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George Frideric HANDEL (1685–1759)
Jephtha (1751) [151.16]
Iphis – Emma Kirkby (soprano)
Storge, Angel – Melinda Paulsen (mezzo)
Hamor – Charles Humphries (counter-tenor)
Jephtha – Julian Podger (tenor)
Zebul – Stephen Varcoe (bass)
Maulbronner Kammerchor
Barockorchester der Kosterkonzerte/Jurgen Budday
rec. 26-27 September 1998, Maulbronn Monastery. DDD
K&K VERLAGSANSTALT KuK LC 11277 [73.54 + 77.22]

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The series of Handel oratorio recordings from Maulbronn Monastery offers a rather mixed experience. Casts tend to be variable, with a significant number of English singers, and they are recorded live, with all the limitations that entails. The oratorios are cut to fit onto two well-filled CDs.

This 1998 release of Jephtha is no different. Sadly the cuts include Storge’s important aria ‘Scenes of Horror’; this is all the more regrettable as Storge is strongly sung by Melinda Paulsen. Being live means that the singing and playing of chorus and orchestra are subject to occasional slips and faults of ensemble. And whilst you might hope that this might be balanced by the vividness and vitality of a live performance, this one is not quite as vivid as one might hope.

Perhaps the subject matter of the piece has weighed down a little too much on them. Handel’s penultimate oratorio deals with serious matters, the core of the piece being Jephtha’s acceptance of the consequences of his vow. This aspect of the work could be characterised by the chorus ‘Whatever is, is right’. But Thomas Morrell, for all his faults, gave Handel a pretty balanced libretto and Handel was a strong dramatist. In his late works to Morrell librettos, he manages to rise above the occasional banalities and infelicities to create sublime music. But he also varied the mix.

A significant aspect of this is the music for the young lovers Hamor (Charles Humphries) and Iphis (Emma Kirkby). This is important as a contrast, so that we come to appreciate what Iphis is giving up when she is sacrificed. In fact this is Hamor’s principal function, which makes the role a tricky one to bring off. Humphries is in mellifluous voice but never quite convinces as the ardent lover. He and Kirkby are not really helped by the rather steady direction from Jurgen Budday. Throughout much of the first Act I longed for them to forget that the subject matter of the oratorio was serious and concentrate on the needs of the drama.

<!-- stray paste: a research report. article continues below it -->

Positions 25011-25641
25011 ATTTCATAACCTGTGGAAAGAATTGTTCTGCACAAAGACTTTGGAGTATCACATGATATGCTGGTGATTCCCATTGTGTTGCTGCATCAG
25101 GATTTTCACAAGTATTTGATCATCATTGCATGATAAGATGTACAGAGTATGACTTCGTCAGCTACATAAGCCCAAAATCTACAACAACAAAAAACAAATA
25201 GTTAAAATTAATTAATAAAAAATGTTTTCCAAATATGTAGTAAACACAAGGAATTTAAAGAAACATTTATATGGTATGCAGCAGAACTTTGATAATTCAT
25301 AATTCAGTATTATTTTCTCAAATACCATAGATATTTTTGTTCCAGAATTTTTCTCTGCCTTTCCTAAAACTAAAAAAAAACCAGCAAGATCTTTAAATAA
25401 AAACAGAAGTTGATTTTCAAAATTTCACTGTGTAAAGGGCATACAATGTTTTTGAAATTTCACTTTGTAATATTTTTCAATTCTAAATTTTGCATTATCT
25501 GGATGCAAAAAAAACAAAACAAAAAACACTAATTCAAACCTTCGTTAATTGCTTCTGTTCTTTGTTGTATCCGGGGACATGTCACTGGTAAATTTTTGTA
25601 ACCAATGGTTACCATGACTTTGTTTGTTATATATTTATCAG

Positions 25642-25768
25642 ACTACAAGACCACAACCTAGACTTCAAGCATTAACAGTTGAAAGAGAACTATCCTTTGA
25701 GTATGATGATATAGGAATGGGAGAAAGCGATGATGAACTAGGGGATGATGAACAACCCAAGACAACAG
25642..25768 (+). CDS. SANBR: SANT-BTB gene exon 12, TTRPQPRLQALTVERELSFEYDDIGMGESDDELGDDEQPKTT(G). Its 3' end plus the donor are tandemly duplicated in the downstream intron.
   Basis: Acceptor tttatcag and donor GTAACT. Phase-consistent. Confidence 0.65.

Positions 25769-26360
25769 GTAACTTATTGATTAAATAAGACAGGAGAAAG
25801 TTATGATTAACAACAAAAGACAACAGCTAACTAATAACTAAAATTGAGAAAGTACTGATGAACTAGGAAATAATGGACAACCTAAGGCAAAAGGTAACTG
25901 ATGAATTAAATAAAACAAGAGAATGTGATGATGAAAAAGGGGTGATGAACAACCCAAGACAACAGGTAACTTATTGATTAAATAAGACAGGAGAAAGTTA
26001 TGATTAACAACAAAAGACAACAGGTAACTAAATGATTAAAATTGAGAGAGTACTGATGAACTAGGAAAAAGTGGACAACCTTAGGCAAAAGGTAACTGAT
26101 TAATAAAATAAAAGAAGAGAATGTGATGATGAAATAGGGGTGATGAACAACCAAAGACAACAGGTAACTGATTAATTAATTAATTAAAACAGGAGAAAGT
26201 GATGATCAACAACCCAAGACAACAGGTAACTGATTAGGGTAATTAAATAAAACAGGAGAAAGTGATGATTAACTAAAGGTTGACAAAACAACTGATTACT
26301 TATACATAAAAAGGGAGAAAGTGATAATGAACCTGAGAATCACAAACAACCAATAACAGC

As Iphis, Kirkby is no longer in quite as pristine voice as she once was, her forays above the stave lack the freedom of her earlier recordings. But her tone is still wonderfully girlish, ideal for the young Iphis, and to this she adds the depth and maturity of a seasoned performer. Kirkby does try to lighten her mood and point up musical and verbal felicities in the first Act; her performance is one of the prime reasons for buying this set. It is a shame then that two of her arias, including her final one, are cut. But a single performer does not make for a good oratorio performance; the whole cast must be balanced.

As her mother, Storge, Melinda Paulsen proves dramatic and vivid. She turns in a very strong performance, one which gives full measure to the drama in the later acts when Storge learns she will lose her daughter. In her recitative and aria (‘Let other creatures die’), which comes directly after Jephtha’s ‘Open thy marble jaws, O tomb’, she is so strongly dramatic that she puts Podger’s Jephtha in the shade. Jephtha has just learned the consequence of his vow and his reaction should be as dramatic as Storge’s. 

Podger is not strictly a weak link in this performance. He is a fine musical singer and delivers a well phrased and beautifully rounded performance. Unfortunately he simply lacks the moral authority for the role. He is adequate when called upon to be heroic, but simply lacks the resources to conjure up the grief and despair needed for the later scenes. His account of ‘Waft her angels’ is finely constructed and sung, but lacks real feeling of the dark emotions lying beneath the music. 

Stephen Varcoe brings sensitivity and gravitas to the role of Zebul, Jephtha’s brother. His contribution adds a welcome depth to the performance and does something to anchor it, which Podger’s Jephtha fails to do.

The Maulbronner Kammerchor sing well, granted my cavils about the live recording, but fail to make enough of the words. The more sombre choruses are simply not stark or dramatic enough.

The Barockorchester der Klosterkonzerte play well for Jurgen Budday. They contribute a neatly played overture and some crisp, lively accompaniments. If Budday’s account of the work had been a little less steady, perhaps they would have contributed even more arresting playing.

If you are curious about Handel’s Jephtha this performance is adequate, but you risk missing the work’s essential genius, far better to save up and buy John Eliot Gardiner’s classic account. But if you are an admirer of Emma Kirkby’s, then you might care to have this on your shelves.

Robert Hugill 


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